Closed-cycle gas turbine

From Wikipedia, the free encyclopedia
Jump to: navigation, search
Closed-Cycle Gas Turbine Schematic

C compressor and T turbine assembly
w high-temperature heat exchanger
ʍ low-temperature heat exchanger
~ mechanical load, e.g. electric generator

A closed-cycle gas turbine is a turbine that uses a gas (e.g. air, nitrogen, helium, argon,[1][2] etc.) for the working fluid as part of a closed thermodynamic system. Heat is supplied from an external source.[3] Such recirculating turbines follow the Brayton cycle.[4][5]

Background[edit]

The initial patent for a closed-cycle gas turbine was issued in 1935 and they were first used commercially in 1939.[3] Seven CCGT units were built in Switzerland and Germany by 1978.[2] Historically, CCGTs found most use as external combustion engines "with fuels such as bituminous coal, brown coal and blast furnace gas" but were superseded by open cycle gas turbines using clean-burning fuels (e.g. "gas or light oil"), especially in highly efficient combined cycle systems.[3] Air-based CCGT systems have demonstrated very high availability and reliability.[6] The most notable helium-based system thus far was Oberhausen 2, a 50 megawatt cogeneration plant that operated from 1975 to 1987 in Germany.[7] Compared to Europe where the technology was originally developed, CCGT is not well known in the US.[8]

Nuclear power[edit]

Gas-cooled reactors powering helium-based closed-cycle gas turbines were suggested in 1945.[8] The experimental ML-1 nuclear reactor in the early-1960s used a nitrogen-based CCGT operating at 0.9 MPa.[9] The cancelled pebble bed modular reactor was intended to be coupled with a helium CCGT.[10] Future nuclear (Generation IV reactors) may employ CCGT for power generation,[3] e.g. Flibe Energy intends to produce a liquid fluoride thorium reactor coupled with a CCGT.[11]

Development[edit]

Closed-cycle gas turbines hold promise for use with future high temperature solar power[3] and fusion power[2] generation.

They have also been proposed as a technology for use in long-term space exploration.[12]

Supercritical carbon dioxide closed-cycle gas turbines are under development; "The main advantage of the supercritical CO2 cycle is comparable efficiency with the helium Brayton cycle at significantly lower temperature" (550°C vs. 850°C), but with the disadvantage of higher pressure (20 MPa vs. 8 MPa).[13]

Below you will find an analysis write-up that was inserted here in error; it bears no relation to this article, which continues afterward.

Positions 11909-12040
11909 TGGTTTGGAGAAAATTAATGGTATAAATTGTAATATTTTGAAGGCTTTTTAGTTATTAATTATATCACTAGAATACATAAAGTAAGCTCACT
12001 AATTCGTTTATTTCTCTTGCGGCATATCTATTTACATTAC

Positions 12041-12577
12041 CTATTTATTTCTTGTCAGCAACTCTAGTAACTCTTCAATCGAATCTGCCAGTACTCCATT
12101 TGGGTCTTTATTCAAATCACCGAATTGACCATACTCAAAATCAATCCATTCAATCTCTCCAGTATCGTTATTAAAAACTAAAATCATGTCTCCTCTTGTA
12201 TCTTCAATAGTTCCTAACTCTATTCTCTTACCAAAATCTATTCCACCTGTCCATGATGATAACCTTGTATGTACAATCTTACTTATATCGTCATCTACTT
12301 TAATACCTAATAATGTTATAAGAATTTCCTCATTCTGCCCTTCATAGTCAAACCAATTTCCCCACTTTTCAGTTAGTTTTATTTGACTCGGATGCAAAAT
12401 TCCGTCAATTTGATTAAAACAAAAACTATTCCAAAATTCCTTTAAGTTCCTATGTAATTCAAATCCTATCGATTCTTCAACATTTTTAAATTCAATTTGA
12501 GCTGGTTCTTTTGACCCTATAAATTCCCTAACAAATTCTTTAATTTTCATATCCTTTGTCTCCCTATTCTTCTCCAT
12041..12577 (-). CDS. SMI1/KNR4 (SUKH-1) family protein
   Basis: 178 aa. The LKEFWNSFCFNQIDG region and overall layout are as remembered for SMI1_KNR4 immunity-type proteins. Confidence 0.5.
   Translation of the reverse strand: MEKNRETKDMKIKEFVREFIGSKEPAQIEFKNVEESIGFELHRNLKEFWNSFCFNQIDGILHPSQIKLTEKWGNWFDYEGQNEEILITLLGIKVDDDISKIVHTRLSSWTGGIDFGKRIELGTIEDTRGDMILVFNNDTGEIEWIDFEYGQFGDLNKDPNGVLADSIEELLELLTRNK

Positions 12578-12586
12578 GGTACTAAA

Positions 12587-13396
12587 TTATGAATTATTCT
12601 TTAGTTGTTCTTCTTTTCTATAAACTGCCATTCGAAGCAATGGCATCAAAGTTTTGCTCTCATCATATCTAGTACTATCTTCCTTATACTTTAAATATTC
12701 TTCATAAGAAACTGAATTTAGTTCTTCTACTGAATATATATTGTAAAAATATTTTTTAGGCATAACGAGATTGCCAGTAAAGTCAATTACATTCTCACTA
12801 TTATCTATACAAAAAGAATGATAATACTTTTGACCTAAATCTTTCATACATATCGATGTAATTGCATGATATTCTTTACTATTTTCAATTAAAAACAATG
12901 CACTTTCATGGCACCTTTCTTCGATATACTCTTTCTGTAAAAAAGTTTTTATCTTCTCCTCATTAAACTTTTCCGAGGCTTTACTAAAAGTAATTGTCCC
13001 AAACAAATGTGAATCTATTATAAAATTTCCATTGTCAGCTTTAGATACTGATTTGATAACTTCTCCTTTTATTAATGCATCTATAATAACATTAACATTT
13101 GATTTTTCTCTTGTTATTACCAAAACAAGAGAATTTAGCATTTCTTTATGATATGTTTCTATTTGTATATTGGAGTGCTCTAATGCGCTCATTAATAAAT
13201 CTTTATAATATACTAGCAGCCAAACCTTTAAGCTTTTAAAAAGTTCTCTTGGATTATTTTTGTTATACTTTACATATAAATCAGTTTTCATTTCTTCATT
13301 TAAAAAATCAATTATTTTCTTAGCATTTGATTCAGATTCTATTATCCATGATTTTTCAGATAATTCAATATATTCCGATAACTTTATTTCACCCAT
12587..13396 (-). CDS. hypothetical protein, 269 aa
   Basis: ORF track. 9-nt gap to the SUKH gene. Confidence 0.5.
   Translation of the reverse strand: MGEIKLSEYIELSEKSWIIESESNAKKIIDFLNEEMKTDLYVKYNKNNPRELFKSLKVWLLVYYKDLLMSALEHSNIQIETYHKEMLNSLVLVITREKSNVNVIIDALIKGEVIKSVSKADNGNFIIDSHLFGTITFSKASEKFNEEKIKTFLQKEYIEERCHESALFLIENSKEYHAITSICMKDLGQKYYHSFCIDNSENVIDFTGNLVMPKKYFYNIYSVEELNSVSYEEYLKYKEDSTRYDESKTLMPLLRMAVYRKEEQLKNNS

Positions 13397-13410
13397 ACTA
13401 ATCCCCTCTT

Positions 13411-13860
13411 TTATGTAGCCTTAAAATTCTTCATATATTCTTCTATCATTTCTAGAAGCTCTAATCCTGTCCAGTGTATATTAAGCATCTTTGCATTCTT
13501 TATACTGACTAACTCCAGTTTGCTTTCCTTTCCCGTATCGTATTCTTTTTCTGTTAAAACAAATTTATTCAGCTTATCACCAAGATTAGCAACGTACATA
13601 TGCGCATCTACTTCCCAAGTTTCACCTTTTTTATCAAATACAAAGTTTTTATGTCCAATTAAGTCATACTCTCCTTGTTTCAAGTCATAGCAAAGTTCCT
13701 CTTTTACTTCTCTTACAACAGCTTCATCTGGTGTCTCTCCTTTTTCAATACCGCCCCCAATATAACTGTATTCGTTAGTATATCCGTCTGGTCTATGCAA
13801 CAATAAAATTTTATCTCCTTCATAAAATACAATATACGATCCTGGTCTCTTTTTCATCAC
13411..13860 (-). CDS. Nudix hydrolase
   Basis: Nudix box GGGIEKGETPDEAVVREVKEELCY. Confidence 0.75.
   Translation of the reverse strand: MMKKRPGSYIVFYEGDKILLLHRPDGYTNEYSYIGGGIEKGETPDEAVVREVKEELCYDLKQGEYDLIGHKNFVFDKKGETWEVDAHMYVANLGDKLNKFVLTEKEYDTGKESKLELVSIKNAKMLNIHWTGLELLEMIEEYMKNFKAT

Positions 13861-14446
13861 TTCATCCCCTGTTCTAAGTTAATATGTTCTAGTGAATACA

See also[edit]

References[edit]

  1. ^ Nitrogen or Air Versus Helium for Nuclear Closed Cycle Gas Turbines | Atomic Insights
  2. ^ a b c AN ASSESSMENT OF THE BRAYTON CYCLE FOR HIGH PERFORMANCE POWER PLANTS
  3. ^ a b c d e Frutschi, Hans Ulrich (2005). Closed-Cycle Gas Turbines. ASME Press. ISBN 0-7918-0226-4. Retrieved 7 December 2011.  Note: front matter (including preface and introduction; PDF link) is open access.
  4. ^ Thermodynamics and Propulsion: Brayton Cycle
  5. ^ A REVIEW OF HELIUM GAS TURBINE TECHNOLOGY FOR HIGH-TEMPERATURE GAS-COOLED REACTORS
  6. ^ Keller, C. (1978). "Forty years of experience on closed-cycle gas turbines". Annals of Nuclear Energy 5 (8–10): 405–201. doi:10.1016/0306-4549(78)90021-X.  edit
  7. ^ "Nuclear Power: Small modular reactors". Power Engineering (magazine). 7 June 2012. Retrieved 7 June 2012. 
  8. ^ a b McDonald, C. F. (2012). "Helium turbomachinery operating experience from gas turbine power plants and test facilities". Applied Thermal Engineering 44: 108–181. doi:10.1016/j.applthermaleng.2012.02.041.  edit
  9. ^ ML-1 Mobile Power System: Reactor in a Box | Atomic Insights
  10. ^ IAEA Technical Committee Meeting on "Gas Turbine Power Conversion Systems for Modular HTGRs", held from 14-16 November 2000 in Palo Alto, California. International Atomic Energy Agency, Vienna (Austria). Technical Working Group on Gas-Cooled Reactors. IAEA-TECDOC--1238, pp:102-113
  11. ^ Introduction to Flibe Energy: YouTube Video (~20 min) and PDF of slides used
  12. ^ Introduction to Gas Turbines for Non-Engineers (see page 5)
  13. ^ V. Dostal, M.J. Driscoll, P. Hejzlar, A Supercritical Carbon Dioxide Cycle for Next Generation Nuclear Reactors at the Wayback Machine (archived December 27, 2010) MIT-ANP-Series, MIT-ANP-TR-100 (2004)

External links[edit]